News & Media

More relief for foreclosures sought at State Capitol

January 22, 2012  |  Colorado News Agency  |  Link to article

State lawmakers gathered today on the doorstep of a Denver resident to introduce two proposals aimed at creating more of a buffer for homeowners facing foreclosure proceedings.

Homeowner Sharon McKee said she and her husband Rick have been living in their home for 15 years and were always able to meet their obligations until the economy plummeted.  McKee once had a career as a bank officer but is now making $10 an hour, a wage that pales in comparison to her former salary.  McKee says she’s not looking for a handout but a helping hand.

“This is our home,” said McKee. “It represents our lives. My family will never again be on the upside of this economy—we need help.”

House Bill 1156, sponsored by Rep. Beth McCann, D-Denver, would require lenders to provide proof that they are entitled to foreclose on a given property by showing the chain of custody over the loan.

Another proposal, yet to be formally introduced, sponsored by Rep. Cristanta Duran, D-Denver, would require lenders to provide homeowners with information on  available resources for loan-modification programs.  Additionally, lenders would have to explain why a loan-modification application has been denied.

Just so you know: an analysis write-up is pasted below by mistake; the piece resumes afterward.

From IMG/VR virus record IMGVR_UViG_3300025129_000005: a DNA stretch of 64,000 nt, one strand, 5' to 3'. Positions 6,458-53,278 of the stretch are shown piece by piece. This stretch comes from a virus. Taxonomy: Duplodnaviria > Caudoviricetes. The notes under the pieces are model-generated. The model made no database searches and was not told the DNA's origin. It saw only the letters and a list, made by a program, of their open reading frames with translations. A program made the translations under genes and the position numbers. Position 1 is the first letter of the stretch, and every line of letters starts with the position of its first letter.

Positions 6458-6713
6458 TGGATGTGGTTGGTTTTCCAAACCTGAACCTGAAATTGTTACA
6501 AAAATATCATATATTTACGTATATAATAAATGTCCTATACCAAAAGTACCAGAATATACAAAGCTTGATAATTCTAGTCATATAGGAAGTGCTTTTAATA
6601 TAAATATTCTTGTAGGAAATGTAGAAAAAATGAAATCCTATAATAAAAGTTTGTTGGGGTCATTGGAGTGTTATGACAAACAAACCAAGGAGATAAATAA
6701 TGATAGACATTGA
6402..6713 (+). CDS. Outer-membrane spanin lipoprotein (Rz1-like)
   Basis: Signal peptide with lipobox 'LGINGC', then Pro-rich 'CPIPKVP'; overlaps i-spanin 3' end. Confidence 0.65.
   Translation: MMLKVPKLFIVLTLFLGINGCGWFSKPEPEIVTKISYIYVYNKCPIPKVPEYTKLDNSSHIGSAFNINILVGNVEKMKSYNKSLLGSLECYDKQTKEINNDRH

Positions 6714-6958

Duran says the intent of the measures is to reach out to responsible homeowners.

“There’s so many people who have been hit hard in this economy, and they should be given an opportunity to stay in their homes,” said Duran.  ”Homeowners are not looking for a handout, they are looking for solutions to foreclosure.”

Yet, Rep. Chris Holbert, R-Parker says homeowners are already afforded the opportunity to cure their debt through the foreclosure hotline set up by legislation in 2006, rendering the new proposals duplicative while adding another layer of busy-work for lenders and trial attorneys.

“Homeowners won’t win—trial lawyers win,” said Holbert. “This is a problem that has already been solved by the hotline, whose counselors don’t need the process to be longer and more complicated. We don’t need the state to be more involved and for there to be more laws.”

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